During his presidential campaign, Barack Obama promised to distance the United States from the neoconservative foreign policy legacy of his predecessor, George W. Bush, and usher in a new era of a global, interconnected world. Years have passed since his inauguration, and the reality of President Obama’s approach is in stark contrast to the ebullient and optimistic image that he originally built up, argues Fawaz Gerges, in his recent book. Reviewed by Corinna Mullin. This post originally appeared on the LSE Review of Books.
For students of the region, journalists, policy-makers, or others interested in developing a nuanced understanding of US foreign policy towards the Middle East today, at a time when the sun seems to be setting on the US’ ‘unipolar moment’, Fawaz Gerges’ Obama and the Middle East could not have come at a better time. Whether one seeks to better understand US policy divergences concerning the different Arab Spring uprisings, backtracking and inaction on the stagnant Israel-Palestine peace process, increasing tensions with Iran, spread of drone warfare in the various, and seemingly expanding, fronts in the battle against extremism (formerly known as the War on Terror), or improved relations with the pivotal state of Turkey, this book provides plenty of food for thought.
No one better is poised than the eminent Professor of Middle East Politics and International Relations at the London School of Economics to write such a book, examining change and continuity in US foreign policy towards the region from the early 20th century until today. Gerges’ oeuvre includes many critically acclaimed works on US foreign policy towards the region in its various manifestations.
As Gerges explains, Obama was never going to have an easy ride in the Middle East. After all, his predecessor left him with a disastrous legacy, including two invasions and occupations of Middle Eastern states as well as a counter-terrorism strategy that violated a laundry list of human rights, international laws and diplomatic conventions. Many Muslims in the region as well as in the West were left feeling, contrary to George W. Bush’s assurances, the war started by George W. Bush was a war on Islam rather than on terror. Despite this, Obama started off on a strong note with his 2009 Cairo speech, in which he “brought a new tone of humility by emphasizing engagement and partnership with Arabs and Muslims, thus raising expectations that his administration would bring a new direction to US foreign policy in the Middle East” (p.102).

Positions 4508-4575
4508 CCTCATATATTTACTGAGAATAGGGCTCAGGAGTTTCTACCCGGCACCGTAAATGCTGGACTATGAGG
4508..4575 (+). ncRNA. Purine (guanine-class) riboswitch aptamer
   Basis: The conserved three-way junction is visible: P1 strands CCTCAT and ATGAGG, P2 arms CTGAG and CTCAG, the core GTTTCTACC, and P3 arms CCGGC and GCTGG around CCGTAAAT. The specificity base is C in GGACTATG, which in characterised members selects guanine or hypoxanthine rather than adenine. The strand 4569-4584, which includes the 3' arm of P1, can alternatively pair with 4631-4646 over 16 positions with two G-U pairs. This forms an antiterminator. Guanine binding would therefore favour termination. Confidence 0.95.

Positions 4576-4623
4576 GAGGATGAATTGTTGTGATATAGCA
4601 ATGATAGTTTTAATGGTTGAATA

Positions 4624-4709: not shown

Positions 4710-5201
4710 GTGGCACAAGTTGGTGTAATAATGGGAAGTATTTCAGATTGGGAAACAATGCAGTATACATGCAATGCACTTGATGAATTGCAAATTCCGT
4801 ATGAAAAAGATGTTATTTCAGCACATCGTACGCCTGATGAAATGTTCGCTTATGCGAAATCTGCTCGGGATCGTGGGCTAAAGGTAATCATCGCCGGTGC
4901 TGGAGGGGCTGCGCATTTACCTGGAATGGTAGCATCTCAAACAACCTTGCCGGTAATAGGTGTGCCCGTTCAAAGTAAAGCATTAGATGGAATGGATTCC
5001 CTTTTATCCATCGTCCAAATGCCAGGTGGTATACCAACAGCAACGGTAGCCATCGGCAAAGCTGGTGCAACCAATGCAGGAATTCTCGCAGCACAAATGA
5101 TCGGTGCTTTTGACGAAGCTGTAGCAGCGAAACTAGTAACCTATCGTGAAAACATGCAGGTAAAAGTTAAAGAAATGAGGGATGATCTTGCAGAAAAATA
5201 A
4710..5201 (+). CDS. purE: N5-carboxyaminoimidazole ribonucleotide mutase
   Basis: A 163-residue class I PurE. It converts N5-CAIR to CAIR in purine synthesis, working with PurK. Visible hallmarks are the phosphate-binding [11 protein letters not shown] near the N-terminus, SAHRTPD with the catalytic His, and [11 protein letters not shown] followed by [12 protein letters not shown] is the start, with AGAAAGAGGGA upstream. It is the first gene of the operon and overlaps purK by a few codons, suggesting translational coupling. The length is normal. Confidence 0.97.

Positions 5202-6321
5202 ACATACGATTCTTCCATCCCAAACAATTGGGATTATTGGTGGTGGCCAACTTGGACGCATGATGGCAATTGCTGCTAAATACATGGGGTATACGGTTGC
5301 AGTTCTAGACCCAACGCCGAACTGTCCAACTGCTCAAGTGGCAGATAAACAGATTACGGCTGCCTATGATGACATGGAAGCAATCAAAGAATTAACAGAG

Whereas Bush’s Middle East foreign policies were driven by neoconservative ideology, a belief in US supremacy, and desire to ‘socially engineer’ political change in the region, Obama claimed to pursue a more pragmatic and more humble approach, based on multilateralism, acknowledgement of shared interests, “realism, pragmatism and constraint”- what Gerges refers to as Obama’s “antidoctrinal doctrine” (p.89). Eschewing the liberal interventionist policies of his predecessor, Gerges argues that Obama appeared genuine in his quest to “normalize America’s relations with Muslims and make a break with the Bush legacy of moral crusading and social engineering” (p.241).
Yet despite these good intentions, and the manifold opportunities to restart US relations that presented themselves during Obama’s nearly four years in office, most recently with the Arab Spring uprisings, Gerges demonstrates that in actuality, there has been more continuity than change in Obama’s policies. This is especially the case in areas of geostrategic importance to the US, including the Gulf, the Israel-Palestine conflict, as well as those states now on the front line on the US’s battle against extremism. Gerges provides numerous explanations, from structural-institutional to behavioural and ideational, to explain why this is the case.
For those who assume continuity refers only to Obama’s predecessor’s policies, Gerges presents a well-substantiated case to demonstrate just how deep US foreign policy roots go. In fact, very little has changed in the overall approach of US foreign policy towards the Middle East since the promulgation of the Truman doctrine in 1947, when the region came to be viewed through a strictly Cold War prism. Even presidents like John F. Kennedy and Jimmy Carter – who were more inclined towards a ‘regionalist’ perspective – ended up constrained by the straightjacket of globalist group-think. In this context, it was the globalists, who viewed developments in the region vis-à-vis “this single, all-encompassing East-West rivalry”, whose vision for US foreign policy edged out the more nuanced thinking of the regionalists, who insisted “that local concerns had their own substance and had to be dealt with in their own terms” (p.16).